Yum, the newest flavor treat glows in the dark!

Late last month, as a definitely unique way of celebrating Hallowe’en, Bristol-based specialty ice cream-maker Charlie Harry Francis unveiled what is probably the world’s first-ever glow-in-the-dark ice cream. His secret ingredient? Jellyfish protein.

The ice cream had actually been in the works for several months, ever since Francis and his team discovered that “this amazing scientist from China” had synthesized the luminescence protein from jellyfish.They ordered some, and made ice cream with it.

The protein is reportedly activated by the calcium in the ice cream, and it luminesces when agitated – this means that it glows when you lick it. Francis has tried it, and while there’s no word on the flavor, he has stated that he doesn’t seem to be glowing anywhere, so he assumes it’s safe to eat.

What it isn’t, however, is cheap. Due to the cost of the synthetic protein, he figures that each scoop of the ice cream is worth about £140. Although he hasn’t stated whether or not he plans on making it commercially, it’s probably safe to assume that this is a one-off experiment.

Mail me a penny postcard when the price – even for a trick-or-treat special – gets down to something close to affordable. I look forward to giving it a try.

‘Glow-in-the-dark’ sperm illuminates reproductive behavior

Previously unobservable events occurring between insemination and fertilization are the subject of a groundbreaking new article in Science magazine…By genetically altering fruit flies so that the heads of their sperm were fluorescent green or red, John Belote and his colleagues were able to observe in striking detail what happens to live sperm inside the female. The findings may have huge implications for the fields of reproductive biology, sexual selection and speciation.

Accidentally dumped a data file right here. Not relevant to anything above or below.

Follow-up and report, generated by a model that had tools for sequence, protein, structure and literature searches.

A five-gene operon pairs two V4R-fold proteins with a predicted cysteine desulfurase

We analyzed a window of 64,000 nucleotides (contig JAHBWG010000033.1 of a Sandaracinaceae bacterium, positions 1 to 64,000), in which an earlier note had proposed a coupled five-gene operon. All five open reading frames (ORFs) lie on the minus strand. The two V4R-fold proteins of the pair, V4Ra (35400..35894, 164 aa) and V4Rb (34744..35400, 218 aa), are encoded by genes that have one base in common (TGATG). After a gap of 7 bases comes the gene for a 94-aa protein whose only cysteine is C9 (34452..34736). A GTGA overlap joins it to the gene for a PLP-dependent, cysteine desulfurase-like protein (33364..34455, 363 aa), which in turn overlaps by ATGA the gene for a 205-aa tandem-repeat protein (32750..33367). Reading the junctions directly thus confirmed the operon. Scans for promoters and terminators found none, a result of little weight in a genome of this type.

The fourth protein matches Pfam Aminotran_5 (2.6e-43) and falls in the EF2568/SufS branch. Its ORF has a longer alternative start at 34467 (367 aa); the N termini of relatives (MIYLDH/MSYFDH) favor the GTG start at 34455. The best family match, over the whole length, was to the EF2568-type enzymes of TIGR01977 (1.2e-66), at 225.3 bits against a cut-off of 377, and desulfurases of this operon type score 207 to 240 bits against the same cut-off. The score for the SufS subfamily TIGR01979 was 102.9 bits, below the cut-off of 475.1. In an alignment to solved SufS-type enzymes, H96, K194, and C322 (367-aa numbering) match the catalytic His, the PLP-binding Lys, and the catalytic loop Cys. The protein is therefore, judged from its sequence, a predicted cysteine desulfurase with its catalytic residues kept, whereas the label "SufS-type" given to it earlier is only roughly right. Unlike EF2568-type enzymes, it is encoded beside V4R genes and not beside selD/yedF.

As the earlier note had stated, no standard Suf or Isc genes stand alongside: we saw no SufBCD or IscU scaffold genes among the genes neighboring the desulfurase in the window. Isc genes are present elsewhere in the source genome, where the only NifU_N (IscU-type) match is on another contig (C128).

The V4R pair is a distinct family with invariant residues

According to Scott Pitnick, many advances in reproductive and evolutionary biology have been constrained by the inability to discriminate competing sperm of different males and by the challenges of observing live sperm inside the female reproductive tract. The solution? Glow-in-the-dark sperm. “Our first goal with these flies was to tackle the mechanisms underlying sperm competition,” says Pitnick. “Whenever a female mates with more than one male—and female promiscuity is more the rule than the exception in nature—there are conflicts between the sexes over paternity, as well as competition between rival ejaculates to fertilize eggs. Such postcopulatory sexual selection is a powerful force for evolutionary change…”

Pitnick says his team has created similar glowing sperm populations for other species, including ones that hybridize, so he can observe what happens when sperm and the female are evolutionarily mismatched. “I suspect we have just scratched the surface of using this material,” he says.

It boggles the mind. Might also fit into our never-ending quest for entertainment.